Published on Dec. 19, 2019
Receipt of eggs
A great deal of care is taken in the genetic selection of fish, spawning and incubation, and finally the packaging and transportation of each shipment of Troutlodge eggs. An equal amount of care taken by the receiving hatcheries should ensure complete satisfaction and success of every shipment received.
Before the eggs are received on the farm, all the equipment required for the procedures of rehydrating and disinfecting the eggs should be carefully checked, cleaned and disinfected.
The hatchery equipment and incubating system should also be properly disinfected with a recognised iodine based disinfectant, that is not harmful to the eggs. If alternative disinfectants are used it is then essential to flush the system with copious amounts of clean water to remove traces of the disinfectant that may be harmful to the eggs.
Water flows, oxygen and other parameters, indicated later in this report, should be carefully checked once incubation is set up.
Having received your eggs please note the condition of the boxes on arrival at the airport and again at the farm. If the boxes appear to be damaged or are leaking, make a note of any damage and report this to the freight agent or airline before leaving the airport.
Under such circumstances take photographs and report the damage to Troutlodge, regardless if you subsequently submit a claim or not. The shipment should then be transported in cool conditions as quickly as possible to the farm.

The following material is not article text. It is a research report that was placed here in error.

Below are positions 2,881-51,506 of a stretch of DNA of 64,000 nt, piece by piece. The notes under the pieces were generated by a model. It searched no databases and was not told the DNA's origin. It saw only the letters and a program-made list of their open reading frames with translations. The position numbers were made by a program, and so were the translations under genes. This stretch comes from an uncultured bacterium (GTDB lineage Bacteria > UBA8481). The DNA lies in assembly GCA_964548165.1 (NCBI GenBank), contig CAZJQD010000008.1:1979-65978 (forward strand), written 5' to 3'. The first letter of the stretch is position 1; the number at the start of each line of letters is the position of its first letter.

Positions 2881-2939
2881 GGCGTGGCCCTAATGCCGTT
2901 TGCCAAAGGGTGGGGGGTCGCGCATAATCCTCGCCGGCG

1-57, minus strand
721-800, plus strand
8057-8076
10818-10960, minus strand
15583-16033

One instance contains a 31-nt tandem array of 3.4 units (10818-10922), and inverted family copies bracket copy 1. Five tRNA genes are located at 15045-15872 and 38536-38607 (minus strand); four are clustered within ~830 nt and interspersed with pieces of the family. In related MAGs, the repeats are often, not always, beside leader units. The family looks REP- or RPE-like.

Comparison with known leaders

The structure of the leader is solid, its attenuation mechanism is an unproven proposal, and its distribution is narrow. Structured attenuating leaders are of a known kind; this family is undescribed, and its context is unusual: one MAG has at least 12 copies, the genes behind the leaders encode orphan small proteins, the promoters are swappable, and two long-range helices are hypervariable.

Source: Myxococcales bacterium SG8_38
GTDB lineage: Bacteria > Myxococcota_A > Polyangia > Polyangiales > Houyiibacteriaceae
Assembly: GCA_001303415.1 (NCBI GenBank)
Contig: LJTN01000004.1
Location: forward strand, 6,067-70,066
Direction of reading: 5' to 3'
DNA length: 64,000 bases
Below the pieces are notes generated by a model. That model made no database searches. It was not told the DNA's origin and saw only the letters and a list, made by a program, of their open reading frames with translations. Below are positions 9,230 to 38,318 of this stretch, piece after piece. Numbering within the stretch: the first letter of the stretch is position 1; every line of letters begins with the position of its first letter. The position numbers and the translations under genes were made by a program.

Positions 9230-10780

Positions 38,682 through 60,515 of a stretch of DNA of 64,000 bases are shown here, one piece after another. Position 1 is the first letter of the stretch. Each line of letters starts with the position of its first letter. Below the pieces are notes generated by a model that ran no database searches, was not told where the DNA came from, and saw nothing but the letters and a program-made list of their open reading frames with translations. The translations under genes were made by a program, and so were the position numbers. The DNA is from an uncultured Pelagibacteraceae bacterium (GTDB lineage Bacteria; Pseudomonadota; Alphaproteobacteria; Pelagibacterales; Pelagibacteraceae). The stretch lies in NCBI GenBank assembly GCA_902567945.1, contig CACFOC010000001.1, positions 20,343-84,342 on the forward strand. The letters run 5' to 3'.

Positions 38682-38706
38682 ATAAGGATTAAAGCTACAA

The pre-documentation will advise you how many boxes you will be receiving so ensure that you have adequate space in your transport vehicle. The boxes should never be laid on the side or upside down so ensure that the “This Way Up” arrows are carefully adhered to.
Opening the Troutlodge box
The diagram below illustrates the recommended method of opening a Troutlodge box.
Opening Troutlodge box and unpacking eggs
Observations to be made
Once opened the following should be carefully and immediately noted:
- The condition and amount of the remaining ice.
- The condition of the trays containing the eggs.
- The condition of the eggs in the trays. Estimated numbers of any dead (white) eggs.
- Does it appear that box may have been inverted or placed on its side during transport – are the eggs all on one side of the trays or evenly distributed in the trays.
- The temperature of the eggs in the trays (top, middle and bottom trays).
- Any other observation regarding the boxes, trays, ice or eggs.
- The date and time of arrival of collection of the eggs at the airport.
- The date and time of arrival of the eggs at the hatchery.
- The start time of unpacking the boxes if different to arrival time at hatchery.
- The time that the eggs are placed in the incubators or hatching troughs after rehydration and disinfection.
- The temperature of the incubating water in the hatchery.
- The oxygen saturation of the incubating water.
- Ambient air temperature.
- Any other relevant condition such as turbid water from heavy rainfall, abnormal weather conditions, etc.
These observations and notes should be made and retained regardless of whether the shipment looks in good condition or not. The information is invaluable in monitoring success rates of shipments and any variances in those rates over time.
Many hatcheries have a standard form on which they record all the information suggested above and these forms are filed for subsequent reference if required. A sample form is shown at the end of this guide.
In the unusual event that there is any subsequent problem in the development or hatching of the eggs or performance of the alevin (young fish) this information is essential to support any claim that may be made. If any specific problems are noted it is very helpful if photographs can be provided to support the notes or claims made.